Q3 2020 AMVR/InvestSense Quotient “Cheat Sheet”

The quarterly AMVR/InvestSense Quotient “cheat sheet” analyzes the non-index mutual funds in the top ten mutual funds used in U.S. 401(k) plans, based upon the Top 100 list compiled annually by “Pensions and Investments.” For the 3Q 2020, only six of the top ten funds were actively managed funds.

The Active Management Value Ratio (AMVR) is based largely on Charles Ellis’ classic, “Winning the Loser’s Game.” Ellis provided the blueprint for the AMVR with his observation that

[t]he incremental fees for an actively managed mutual fund relative to its incremental returns should always be compared to the fees of a comparable index fund relative to its returns. When you do this, you’ll quickly see that the incremental fees for active management are really, really high-on average, over 100% of incremental returns.

Academic studies have consistently shown that that the overwhelming majority of actively managed funds are not cost-efficient, with conclusions such as

“99% of actively managed funds do not beat their index fund alternatives over the long-term net of fees.”

“[I]ncreasing numbers of clients will realize that in toe-to-toe competition versus near-equal competitors, most active managers will not and cannot recover the costs and fees they charge.”

The AMVR simplifies the cost-efficiency evaluation process. Once an actively managed fund’s cost efficiency has been calculated relative to a comparable benchmark, usually a comparable index fund, the investor, plan sponsor or the ERISA attorney only has to answer two simple questions:

1. Did the actively managed funds provided a positive incremental return?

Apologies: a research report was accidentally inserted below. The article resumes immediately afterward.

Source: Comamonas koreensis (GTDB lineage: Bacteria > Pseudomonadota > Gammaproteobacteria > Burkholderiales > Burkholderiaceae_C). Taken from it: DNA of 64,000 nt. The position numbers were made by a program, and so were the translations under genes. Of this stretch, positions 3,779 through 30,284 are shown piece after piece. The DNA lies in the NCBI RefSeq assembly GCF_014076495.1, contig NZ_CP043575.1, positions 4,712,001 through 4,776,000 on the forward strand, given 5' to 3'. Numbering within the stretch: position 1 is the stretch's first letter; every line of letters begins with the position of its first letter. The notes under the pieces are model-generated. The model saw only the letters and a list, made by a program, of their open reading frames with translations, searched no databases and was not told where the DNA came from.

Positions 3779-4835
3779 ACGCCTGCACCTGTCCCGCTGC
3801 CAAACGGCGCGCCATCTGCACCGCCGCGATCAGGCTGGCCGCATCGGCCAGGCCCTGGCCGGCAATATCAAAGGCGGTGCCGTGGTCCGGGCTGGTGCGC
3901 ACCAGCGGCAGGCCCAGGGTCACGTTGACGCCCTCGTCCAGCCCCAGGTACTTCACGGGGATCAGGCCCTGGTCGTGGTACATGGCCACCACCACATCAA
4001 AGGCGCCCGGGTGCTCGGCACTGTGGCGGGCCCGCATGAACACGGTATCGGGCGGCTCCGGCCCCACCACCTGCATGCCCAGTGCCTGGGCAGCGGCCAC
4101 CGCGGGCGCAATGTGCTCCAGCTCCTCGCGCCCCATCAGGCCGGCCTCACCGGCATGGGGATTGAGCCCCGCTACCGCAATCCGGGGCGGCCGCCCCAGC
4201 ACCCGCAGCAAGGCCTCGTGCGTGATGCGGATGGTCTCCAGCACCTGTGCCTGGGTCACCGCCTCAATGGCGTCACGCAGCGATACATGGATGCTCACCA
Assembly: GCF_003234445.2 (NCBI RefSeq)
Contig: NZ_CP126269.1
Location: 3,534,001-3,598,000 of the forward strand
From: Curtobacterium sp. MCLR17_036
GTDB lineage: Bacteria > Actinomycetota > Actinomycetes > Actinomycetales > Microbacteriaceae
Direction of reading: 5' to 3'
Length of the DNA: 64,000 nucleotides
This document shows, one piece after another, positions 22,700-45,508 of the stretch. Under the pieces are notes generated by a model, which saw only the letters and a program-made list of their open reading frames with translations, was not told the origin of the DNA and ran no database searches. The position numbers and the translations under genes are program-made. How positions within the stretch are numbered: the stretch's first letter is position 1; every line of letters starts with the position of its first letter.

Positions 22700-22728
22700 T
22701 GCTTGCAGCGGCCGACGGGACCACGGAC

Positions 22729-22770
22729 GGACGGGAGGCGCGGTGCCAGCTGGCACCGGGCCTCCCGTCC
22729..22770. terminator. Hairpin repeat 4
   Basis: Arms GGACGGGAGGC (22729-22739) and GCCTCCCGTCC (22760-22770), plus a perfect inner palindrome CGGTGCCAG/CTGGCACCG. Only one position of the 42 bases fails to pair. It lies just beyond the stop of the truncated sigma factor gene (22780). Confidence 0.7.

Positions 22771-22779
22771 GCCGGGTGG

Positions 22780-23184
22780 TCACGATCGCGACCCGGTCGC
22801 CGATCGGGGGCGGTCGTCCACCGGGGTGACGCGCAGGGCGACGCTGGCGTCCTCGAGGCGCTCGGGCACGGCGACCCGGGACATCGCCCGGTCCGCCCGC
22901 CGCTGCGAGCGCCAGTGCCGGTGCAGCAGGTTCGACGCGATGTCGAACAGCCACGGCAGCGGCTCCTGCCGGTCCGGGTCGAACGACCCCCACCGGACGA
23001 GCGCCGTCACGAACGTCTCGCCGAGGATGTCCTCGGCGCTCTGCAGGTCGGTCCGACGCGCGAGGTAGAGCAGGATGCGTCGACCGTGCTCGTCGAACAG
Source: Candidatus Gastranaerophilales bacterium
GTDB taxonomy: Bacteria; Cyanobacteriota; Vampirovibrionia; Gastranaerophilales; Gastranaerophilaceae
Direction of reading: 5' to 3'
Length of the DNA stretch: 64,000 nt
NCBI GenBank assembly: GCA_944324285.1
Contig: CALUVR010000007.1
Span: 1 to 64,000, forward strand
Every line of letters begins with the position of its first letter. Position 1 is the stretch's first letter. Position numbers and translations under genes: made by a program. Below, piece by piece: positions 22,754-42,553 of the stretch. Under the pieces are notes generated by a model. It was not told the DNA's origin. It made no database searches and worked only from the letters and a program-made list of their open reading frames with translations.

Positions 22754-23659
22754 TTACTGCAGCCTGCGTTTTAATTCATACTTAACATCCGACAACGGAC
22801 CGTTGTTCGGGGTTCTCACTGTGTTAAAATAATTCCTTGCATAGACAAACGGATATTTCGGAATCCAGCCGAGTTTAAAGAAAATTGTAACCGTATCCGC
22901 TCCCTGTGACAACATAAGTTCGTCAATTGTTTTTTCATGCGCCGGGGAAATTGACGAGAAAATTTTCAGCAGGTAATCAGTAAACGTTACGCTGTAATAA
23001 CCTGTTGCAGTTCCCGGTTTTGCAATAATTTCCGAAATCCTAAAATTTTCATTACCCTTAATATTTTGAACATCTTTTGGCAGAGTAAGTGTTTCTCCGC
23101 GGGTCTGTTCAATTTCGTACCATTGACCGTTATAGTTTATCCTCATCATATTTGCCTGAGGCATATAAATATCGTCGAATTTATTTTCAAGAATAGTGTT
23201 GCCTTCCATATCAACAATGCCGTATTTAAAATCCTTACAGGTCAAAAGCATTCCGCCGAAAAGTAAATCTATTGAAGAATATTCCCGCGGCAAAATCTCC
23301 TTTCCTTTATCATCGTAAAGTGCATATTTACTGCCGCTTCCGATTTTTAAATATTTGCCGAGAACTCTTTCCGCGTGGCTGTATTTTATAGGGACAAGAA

2. If so, did the actively managed fund’s incremental return exceed the fund’s incremental costs

If the answer to either of these of these questions is “no,” the actively managed fund is not cost-efficient and , therefore, does not meet the plan sponsor’s fiduciary duty of prudence.

People frequently ask me what “CAC” stands for and why I include it in the AMVR/IQ calculations. “CAC” stands for “Correlation-Adjusted Costs.” The reason I include such calculations is to help investors, investment fiduciaries and attorneys to recognize potential “closet index funds.” The problem of “closet index” funds and the harm they create has been aptly described by Martijn Cremers, creator of the Active Shares metric, as follows:

“a large number of funds that purport to offer active management and charge fees accordingly, in fact persistently hold portfolios that substantially overlap with market indices….Investors in a closet index fund are harmed by for fees for active management that they do not receive or receive only partially.”

“Closet indexing raises important legal issues. Such funds  are not just poor investments; they promise investors a service that they fail to provide. As such, some closet index funds may also run afoul of federal securities laws.”

Funds with high R-squared numbers or low tracking numbers are naturally candidates for “closet index” status. Closet index funds are never prudent under the Restatement (Third) of Trusts’ fiduciary standards. most notably Section 90, comments b, f, and h(2). SCOTUS recognized the Restatement as the legal authority for addressing fiduciary issues in Tibble v. Edison International.

The Correlation-Adjusted Cost calculations are based on Ross Miller’s Active Expense Ratio (AER) metric. A fund’s AER score shows the implicit cost of a fund’s expense ratio based on the fund’s incremental costs and the fund’s R-squared correlation to a comparable index fund. Miller explained the reasoning behind the AER as follows:

Mutual funds appear to provide investment services for relatively low fees because they bundle passive and active fund management together in a way that understates the true cost of active management. In particular, funs engaging in closet or shadow indexing charge their investors for active management while providing them with little more than an indexed investment. Even the average mutual fund, which ostensibly provides only active management, will have over 90% of the variance in its returns explained by its benchmark index.